A major accomplishment this year as your State Senator was the historic two percent property tax cap Governor Andrew Cuomo and the legislature passed this year.
After 40 years of talking about holding the line on property taxes, legislators from both sides of the aisle worked with the governor to provide taxpayers with some degree of relief from one of the biggest problems facing New York State’s economic recovery.
This week, the Senate appointed me to serve on a new bipartisan task force on government efficiency that will help investigate and identify wasteful spending in state government.
Record Crowd for Senator's First Senior Wellness Event
State Senator Patty Ritchie’s first Senior Health and Wellness Expo drew almost 1,500 people to the Alex T. Duffy Fairgrounds in Watertown—considered a record for similar events held in earlier years.
Cosponsored by the Jefferson County Office for the Aging and Froggy 97, the event offered more than 50 exhibitors who offered seniors flu shots, free health screenings and information about a variety of services offered by area health care agencies.
Ever daydreamed about taking that hobby or interest you enjoy and turning it into a part-time or full-time venture.
Someone once said that if you find a job you love, you’ll never feel like you’re working. That’s one of the reasons I developed a guide called “Hire Yourself” that provides detailed information for existing companies that want to expand and advice for people who want to turn their passion into their own business.
Small businesses are the backbone of our nation’s economy. In 1995, 78 percent of America’s 5 million companies had fewer than 10 employees.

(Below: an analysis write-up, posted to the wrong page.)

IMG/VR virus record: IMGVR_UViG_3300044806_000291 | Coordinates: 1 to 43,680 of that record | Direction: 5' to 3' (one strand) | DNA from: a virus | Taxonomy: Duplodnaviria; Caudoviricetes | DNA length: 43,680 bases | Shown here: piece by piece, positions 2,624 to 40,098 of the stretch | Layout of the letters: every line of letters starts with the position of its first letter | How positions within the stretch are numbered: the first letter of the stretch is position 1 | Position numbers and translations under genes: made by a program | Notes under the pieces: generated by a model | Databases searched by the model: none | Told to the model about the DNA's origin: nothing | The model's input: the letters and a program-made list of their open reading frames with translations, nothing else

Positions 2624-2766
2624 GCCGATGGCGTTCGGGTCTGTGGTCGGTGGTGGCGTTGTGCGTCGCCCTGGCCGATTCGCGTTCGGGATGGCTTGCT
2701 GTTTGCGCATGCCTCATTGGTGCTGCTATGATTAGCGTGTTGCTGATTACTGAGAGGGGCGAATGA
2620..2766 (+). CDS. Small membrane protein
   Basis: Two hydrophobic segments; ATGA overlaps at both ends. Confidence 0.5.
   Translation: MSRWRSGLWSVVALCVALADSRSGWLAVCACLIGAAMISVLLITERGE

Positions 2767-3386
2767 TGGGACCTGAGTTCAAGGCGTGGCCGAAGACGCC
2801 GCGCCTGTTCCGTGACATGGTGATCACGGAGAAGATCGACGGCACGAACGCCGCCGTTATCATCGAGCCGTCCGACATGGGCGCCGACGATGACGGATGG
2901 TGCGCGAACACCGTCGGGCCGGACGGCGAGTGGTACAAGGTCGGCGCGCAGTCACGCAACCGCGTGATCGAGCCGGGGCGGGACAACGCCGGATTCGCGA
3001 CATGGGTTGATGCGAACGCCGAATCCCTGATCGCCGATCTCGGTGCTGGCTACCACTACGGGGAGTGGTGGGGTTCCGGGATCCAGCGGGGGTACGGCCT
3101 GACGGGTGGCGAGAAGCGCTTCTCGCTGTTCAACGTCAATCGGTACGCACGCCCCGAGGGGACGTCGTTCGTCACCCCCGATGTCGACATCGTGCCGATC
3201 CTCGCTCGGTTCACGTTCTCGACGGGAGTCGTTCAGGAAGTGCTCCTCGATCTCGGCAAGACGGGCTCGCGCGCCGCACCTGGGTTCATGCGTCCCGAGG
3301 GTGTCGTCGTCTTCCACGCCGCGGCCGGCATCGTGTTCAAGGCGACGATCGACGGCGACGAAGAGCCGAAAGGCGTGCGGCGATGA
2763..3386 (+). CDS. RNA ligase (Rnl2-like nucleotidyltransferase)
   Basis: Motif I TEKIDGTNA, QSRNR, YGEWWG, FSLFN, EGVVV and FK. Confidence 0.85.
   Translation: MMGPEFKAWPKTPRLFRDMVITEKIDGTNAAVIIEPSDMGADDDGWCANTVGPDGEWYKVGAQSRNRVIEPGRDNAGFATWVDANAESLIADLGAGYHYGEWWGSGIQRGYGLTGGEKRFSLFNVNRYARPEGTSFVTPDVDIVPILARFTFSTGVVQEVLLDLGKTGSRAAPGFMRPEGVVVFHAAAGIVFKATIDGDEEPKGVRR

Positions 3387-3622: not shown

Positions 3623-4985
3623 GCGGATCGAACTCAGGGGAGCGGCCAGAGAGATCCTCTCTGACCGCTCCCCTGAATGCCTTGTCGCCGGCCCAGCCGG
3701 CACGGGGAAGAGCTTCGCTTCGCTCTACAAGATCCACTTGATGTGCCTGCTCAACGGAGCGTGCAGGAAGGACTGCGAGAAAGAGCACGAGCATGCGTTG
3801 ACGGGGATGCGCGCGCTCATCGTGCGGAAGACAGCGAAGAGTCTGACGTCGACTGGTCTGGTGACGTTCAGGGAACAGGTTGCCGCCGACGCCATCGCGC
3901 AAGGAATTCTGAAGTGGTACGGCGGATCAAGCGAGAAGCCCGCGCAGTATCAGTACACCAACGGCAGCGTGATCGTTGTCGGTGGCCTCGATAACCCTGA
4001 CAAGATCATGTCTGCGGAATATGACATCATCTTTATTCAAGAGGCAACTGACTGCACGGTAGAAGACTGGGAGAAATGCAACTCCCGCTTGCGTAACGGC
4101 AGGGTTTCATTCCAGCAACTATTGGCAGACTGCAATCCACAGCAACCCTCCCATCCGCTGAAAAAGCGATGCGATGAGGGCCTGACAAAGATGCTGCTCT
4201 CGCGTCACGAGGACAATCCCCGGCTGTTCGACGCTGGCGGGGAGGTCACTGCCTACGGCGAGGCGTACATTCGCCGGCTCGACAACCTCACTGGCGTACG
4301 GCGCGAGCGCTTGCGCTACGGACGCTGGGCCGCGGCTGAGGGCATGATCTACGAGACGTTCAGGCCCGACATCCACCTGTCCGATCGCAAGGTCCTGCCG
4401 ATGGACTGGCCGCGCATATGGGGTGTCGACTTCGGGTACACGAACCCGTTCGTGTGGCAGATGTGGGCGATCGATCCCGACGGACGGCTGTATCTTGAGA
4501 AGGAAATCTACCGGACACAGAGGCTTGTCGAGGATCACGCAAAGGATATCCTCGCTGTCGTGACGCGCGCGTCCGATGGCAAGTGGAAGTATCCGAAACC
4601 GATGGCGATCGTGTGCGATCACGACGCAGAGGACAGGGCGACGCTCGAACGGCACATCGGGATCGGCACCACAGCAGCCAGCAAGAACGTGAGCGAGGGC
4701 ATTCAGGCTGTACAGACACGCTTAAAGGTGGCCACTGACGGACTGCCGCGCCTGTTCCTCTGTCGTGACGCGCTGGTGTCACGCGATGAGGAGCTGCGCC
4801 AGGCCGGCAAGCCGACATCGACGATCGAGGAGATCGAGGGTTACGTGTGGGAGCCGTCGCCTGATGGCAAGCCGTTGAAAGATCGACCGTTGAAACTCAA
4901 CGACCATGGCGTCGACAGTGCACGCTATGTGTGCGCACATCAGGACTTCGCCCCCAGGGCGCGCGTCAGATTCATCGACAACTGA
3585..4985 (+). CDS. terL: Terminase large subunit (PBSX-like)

Our nation discovered that the end of the cold war had not left us without enemies plotting our destruction.
But as we watched in horror as the twin towers fell and thousands of our countrymen were murdered on national television, we also witnessed our nation come together in a way that had not occurred since the sneak attack on Pearl Harbor in the 1940s.
People of all religions, colors, ethnic origins and ways of life came together to vow they would work to insure that the sacrifices of those who died in that tragedy would not be in vain.
With the chill in the air at night, you can tell that the end of summer is upon us. It's a reminder for parents it’s time families begin getting their children ready to go back to school.
I’d like to take this opportunity to salute our hard working teaching professionals and school staffs who returned to school this week to begin preparations for the new school year.
Too often we forget the endless preparation that goes into gearing up for a new school year. Thanks to their efforts, our schools are able to help our children learn the important skills they’ll need to compete in our increasingly technological society.
The next time the state looks at rebuilding a road in Central or Northern New York, planners will have to consider whether it makes sense to widen it to allow for a bike path, a pedestrian walk way or even sidewalks.
With many of our roads in Oswego, Jefferson and St. Lawrence Counties originally designed at the turn of the century when carriages, wagons and stage coaches were the primary means of transportation, all of us have worried how hikers and bicyclists manage to safely travel some of our narrower byways.
That’s why I supported a new law that the governor signed last week called the “Complete Streets”
bill (S 5411) that requires transportation planners to consider the needs of pedestrians and bicyclists when they design new roads or rebuild old ones.